Ultimately, humor rules the day as Putuguq and Kublu’s grandfather tricks them into being safe when they play near the water.

READ REVIEW

PUTUGUQ & KUBLU AND THE QALUPALIK

From the Putuguq & Kublu series

A pair of young siblings from Arviq Bay in northern Canada learn about an Inuit bogeyman.

This easy-to-read graphic novel, set in the snowy Arctic tundra, tells the story of an imaginative brother named Putuguq who wants nothing more than to tag along with his older sister, Kublu, when she heads out to the shoreline to meet a friend. A contemporary rendition of an age-old myth, the story depicts their grandfather coming home from the hunt with a seal pulled behind his snowmobile. He tells them to beware the qalupalik, a sea monster with long fingernails, slimy skin, and locks of hair dripping down its back. Frightened by his cautionary tale, the siblings approach the water’s edge, where they find their friend’s backpack abandoned on the ice and receive the scare of their lives. While the siblings are given distinctive personality traits, their wry dialogue may strike readers as formal (“Brother, you are a strange one”), especially for characters who should be around 5 and 6. Simple block panels and emojilike illustrations also detract from their appeal, though the depictions of the imagined qalupalik and the Tuniq hunter Putuguq pretends to be are stunning in their monochromatic purple shades. The layout of their village is mapped in the opening pages—the careful inclusion of raised, wood-frame buildings with no igloo in sight adds to the educational value of the story.

Ultimately, humor rules the day as Putuguq and Kublu’s grandfather tricks them into being safe when they play near the water. (Graphic fiction. 5-7)

Pub Date: May 7, 2019

ISBN: 978-1-77227-228-4

Page Count: 32

Publisher: Inhabit Media

Review Posted Online: Feb. 13, 2019

Kirkus Reviews Issue: March 1, 2019

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OTTO’S ORANGE DAY

Young Otto loves orange so much that when a sly genie rises up out of an old lamp he receives from Aunt Sally Lee, he uses his one wish to turn all the world that color. His ensuing bliss changes to blues, though, after he gets a gander at his orange lunch and then sees what happens on the street when every traffic light is the same color. Cammuso illustrates comics veteran Lynch’s tale in neatly drawn sequential panels, casting Otto as a cat (marmalade, of course) in human dress and pairing him with a blue, distinctly Disneyesque genie. Discovering that said genie hasn’t eaten in 880 years, Otto cleverly calls on the persuasive power of pizza to reverse the wish, and by the end all’s well. Low on violence and high on production values, this comics-format “Toon Book” will leave emergent readers wishing for more. (Early reader. 5-7)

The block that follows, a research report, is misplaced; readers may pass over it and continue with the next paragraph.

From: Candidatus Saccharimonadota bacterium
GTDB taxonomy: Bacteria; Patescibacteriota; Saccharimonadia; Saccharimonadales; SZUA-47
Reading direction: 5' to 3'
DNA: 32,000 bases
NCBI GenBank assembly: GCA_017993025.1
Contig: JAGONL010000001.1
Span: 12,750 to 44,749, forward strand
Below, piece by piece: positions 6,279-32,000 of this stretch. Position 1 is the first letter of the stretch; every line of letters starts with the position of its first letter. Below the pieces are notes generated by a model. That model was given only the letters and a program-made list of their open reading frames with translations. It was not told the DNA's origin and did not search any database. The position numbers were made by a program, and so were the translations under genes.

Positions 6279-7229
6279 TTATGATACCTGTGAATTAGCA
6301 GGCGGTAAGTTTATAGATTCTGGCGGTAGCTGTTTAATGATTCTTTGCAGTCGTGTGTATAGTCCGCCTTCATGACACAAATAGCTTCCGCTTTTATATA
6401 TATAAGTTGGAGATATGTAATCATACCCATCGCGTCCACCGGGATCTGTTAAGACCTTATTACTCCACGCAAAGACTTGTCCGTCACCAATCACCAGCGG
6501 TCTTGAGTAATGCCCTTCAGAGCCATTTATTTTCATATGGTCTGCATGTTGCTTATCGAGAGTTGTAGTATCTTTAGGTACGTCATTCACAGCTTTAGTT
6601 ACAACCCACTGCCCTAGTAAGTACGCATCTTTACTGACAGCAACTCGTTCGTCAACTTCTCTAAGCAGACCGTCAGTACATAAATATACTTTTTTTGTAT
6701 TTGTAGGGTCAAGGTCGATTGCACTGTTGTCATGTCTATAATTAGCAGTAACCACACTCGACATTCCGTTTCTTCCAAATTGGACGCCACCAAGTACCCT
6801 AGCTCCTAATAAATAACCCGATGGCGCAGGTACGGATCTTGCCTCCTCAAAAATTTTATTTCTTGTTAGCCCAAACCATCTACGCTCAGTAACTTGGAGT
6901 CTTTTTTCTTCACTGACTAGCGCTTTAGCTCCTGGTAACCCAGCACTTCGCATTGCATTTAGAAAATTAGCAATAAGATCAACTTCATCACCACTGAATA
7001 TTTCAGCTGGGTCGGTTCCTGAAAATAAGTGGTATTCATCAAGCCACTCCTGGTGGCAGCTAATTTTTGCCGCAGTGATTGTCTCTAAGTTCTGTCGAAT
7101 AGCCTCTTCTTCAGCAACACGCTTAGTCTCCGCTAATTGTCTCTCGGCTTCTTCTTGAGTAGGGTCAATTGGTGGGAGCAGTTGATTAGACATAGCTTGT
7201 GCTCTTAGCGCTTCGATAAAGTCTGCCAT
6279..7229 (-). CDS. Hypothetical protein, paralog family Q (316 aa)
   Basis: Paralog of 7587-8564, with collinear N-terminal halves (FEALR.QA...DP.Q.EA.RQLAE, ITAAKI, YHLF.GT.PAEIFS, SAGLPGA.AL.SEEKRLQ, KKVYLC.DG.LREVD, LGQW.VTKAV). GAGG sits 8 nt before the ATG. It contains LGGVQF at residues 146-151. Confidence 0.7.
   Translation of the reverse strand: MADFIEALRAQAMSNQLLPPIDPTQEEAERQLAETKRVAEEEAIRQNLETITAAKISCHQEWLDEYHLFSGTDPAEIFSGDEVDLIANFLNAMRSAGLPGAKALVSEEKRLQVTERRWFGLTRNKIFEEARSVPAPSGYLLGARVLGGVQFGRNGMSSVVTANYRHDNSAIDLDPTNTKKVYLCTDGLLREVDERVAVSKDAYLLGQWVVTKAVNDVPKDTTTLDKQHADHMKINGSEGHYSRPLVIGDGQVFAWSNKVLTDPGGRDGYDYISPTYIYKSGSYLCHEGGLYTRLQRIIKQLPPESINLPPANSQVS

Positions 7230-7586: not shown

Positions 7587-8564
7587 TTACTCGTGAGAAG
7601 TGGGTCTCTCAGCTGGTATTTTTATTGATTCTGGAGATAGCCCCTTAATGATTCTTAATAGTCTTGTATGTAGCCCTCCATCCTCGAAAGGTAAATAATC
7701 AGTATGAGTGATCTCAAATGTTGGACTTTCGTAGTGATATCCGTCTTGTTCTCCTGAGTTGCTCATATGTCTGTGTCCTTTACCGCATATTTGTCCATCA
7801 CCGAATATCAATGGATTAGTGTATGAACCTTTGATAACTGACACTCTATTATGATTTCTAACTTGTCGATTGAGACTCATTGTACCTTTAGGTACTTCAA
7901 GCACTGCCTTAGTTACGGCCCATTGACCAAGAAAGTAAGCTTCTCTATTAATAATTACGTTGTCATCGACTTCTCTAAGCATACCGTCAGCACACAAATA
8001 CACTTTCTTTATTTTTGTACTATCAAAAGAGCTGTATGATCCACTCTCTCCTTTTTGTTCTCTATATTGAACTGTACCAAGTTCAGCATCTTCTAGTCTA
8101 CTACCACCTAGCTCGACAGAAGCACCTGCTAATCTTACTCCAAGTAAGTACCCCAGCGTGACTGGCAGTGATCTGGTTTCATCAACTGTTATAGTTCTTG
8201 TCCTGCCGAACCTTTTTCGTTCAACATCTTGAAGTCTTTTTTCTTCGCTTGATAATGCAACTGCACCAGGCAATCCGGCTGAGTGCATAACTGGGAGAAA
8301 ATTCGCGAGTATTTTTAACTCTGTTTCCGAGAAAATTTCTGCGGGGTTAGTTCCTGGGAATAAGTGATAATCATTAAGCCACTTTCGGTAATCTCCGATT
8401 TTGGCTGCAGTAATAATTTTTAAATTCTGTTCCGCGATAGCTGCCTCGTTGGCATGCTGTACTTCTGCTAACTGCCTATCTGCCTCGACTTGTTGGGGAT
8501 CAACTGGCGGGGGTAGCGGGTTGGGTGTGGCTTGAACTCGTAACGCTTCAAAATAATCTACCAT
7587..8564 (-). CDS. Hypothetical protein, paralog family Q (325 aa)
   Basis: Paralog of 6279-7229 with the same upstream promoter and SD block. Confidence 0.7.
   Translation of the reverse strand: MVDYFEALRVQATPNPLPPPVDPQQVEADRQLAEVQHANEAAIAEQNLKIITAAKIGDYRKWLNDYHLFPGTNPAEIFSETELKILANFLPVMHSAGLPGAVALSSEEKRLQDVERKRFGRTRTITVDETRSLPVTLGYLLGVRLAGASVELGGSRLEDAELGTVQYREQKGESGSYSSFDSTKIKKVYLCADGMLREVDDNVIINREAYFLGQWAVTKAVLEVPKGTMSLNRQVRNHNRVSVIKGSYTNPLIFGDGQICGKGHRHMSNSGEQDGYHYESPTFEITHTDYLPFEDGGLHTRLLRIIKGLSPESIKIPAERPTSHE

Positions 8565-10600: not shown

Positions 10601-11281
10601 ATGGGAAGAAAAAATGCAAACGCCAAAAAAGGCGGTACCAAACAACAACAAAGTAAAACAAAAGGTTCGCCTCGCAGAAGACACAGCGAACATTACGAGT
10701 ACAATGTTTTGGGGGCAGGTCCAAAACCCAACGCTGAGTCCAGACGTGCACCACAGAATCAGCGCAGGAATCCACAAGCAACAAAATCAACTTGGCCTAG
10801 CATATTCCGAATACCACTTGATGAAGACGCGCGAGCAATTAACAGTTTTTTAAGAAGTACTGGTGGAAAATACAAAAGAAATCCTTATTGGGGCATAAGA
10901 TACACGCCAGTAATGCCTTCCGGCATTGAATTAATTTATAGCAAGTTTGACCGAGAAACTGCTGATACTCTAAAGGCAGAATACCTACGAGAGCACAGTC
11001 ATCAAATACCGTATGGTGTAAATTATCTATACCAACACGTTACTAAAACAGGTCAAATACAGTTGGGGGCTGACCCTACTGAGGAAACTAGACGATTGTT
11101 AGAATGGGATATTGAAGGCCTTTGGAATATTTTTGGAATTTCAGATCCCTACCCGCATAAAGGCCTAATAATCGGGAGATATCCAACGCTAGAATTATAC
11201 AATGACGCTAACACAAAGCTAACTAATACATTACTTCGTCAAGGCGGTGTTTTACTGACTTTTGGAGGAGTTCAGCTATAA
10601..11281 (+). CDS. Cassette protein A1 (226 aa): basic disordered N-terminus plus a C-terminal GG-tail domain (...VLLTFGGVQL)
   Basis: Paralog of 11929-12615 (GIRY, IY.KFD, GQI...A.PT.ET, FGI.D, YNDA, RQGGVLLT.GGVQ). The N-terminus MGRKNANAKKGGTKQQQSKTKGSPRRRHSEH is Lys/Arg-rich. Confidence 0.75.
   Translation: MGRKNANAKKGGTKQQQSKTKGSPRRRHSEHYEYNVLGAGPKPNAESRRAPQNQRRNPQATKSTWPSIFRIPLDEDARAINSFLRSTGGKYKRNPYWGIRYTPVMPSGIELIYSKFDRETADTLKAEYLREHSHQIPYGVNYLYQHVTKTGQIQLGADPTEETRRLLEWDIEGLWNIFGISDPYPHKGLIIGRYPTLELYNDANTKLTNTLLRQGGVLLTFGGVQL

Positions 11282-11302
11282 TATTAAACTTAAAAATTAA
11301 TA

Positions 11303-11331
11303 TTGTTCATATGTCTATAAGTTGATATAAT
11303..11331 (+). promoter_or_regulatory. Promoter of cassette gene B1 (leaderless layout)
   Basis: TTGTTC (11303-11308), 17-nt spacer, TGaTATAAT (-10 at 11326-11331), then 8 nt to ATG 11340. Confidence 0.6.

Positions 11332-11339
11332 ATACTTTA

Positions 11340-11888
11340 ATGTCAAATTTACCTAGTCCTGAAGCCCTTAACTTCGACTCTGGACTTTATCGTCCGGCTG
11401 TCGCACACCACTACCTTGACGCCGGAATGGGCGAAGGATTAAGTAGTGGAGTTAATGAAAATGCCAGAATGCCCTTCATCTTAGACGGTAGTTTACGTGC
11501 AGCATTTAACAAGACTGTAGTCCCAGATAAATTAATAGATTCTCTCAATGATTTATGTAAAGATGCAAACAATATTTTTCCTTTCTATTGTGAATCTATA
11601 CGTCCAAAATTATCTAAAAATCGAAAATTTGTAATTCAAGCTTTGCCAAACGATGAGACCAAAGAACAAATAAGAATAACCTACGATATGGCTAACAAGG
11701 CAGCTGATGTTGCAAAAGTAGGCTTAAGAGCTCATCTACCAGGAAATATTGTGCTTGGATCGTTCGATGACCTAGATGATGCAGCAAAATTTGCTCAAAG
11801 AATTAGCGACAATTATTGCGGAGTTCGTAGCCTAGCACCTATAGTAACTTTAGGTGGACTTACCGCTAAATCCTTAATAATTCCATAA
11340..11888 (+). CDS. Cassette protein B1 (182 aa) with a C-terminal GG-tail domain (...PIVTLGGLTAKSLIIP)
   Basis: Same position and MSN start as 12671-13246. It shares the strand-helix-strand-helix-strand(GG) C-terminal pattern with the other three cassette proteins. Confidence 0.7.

Pub Date: June 9, 2008

ISBN: 978-0-9799238-2-1

Page Count: 40

Publisher: RAW Junior/TOON Books

Review Posted Online: May 20, 2010

Kirkus Reviews Issue: May 1, 2008

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Another outing positively radiant with child appeal, featuring a pair of close siblings with complementary personalities.

BENNY AND PENNY IN LIGHTS OUT

From the Benny and Penny series

It’s bedtime for the mouseling brother and sister—but not before plenty of horsing around and a deliciously scary expedition into the backyard.

As little Penny quietly tries to wash up and pretend-read a story (“One day the princess was sent to her room for being bratty. But she had a secret door…”), her restless big brother interrupts obnoxiously with warnings about the Boogey Mouse, loud belches and other distractions. When Benny realizes that he’s left his prized pirate hat in the backyard, though, Penny braves the Boogey Mouse to follow him out of the window and prod him into reclaiming it from the spooky, dark playhouse. She also “reads” him to sleep after the two race, giggling at their fright, back indoors. Framed in sequential panels that occasionally expand to full-page or double-spread scenes, the art features a pair of big-eared, bright-eyed mites (plus the occasional fictive dinosaur) in cozy domestic settings atmospherically illuminated by the glow of lamps, Benny’s flashlight and the moon. As in this popular series’ earlier episodes, dialogue in unobtrusive balloons furnishes the only text, but the action is easy to follow, and Hayes provides plenty of finely drawn visual cues to the characters’ feelings.

Another outing positively radiant with child appeal, featuring a pair of close siblings with complementary personalities. (Graphic early reader. 5-7)

Pub Date: Aug. 28, 2012

ISBN: 978-1-935179-20-7

Page Count: 32

Publisher: TOON/Candlewick

Review Posted Online: April 25, 2012

Kirkus Reviews Issue: Aug. 1, 2012

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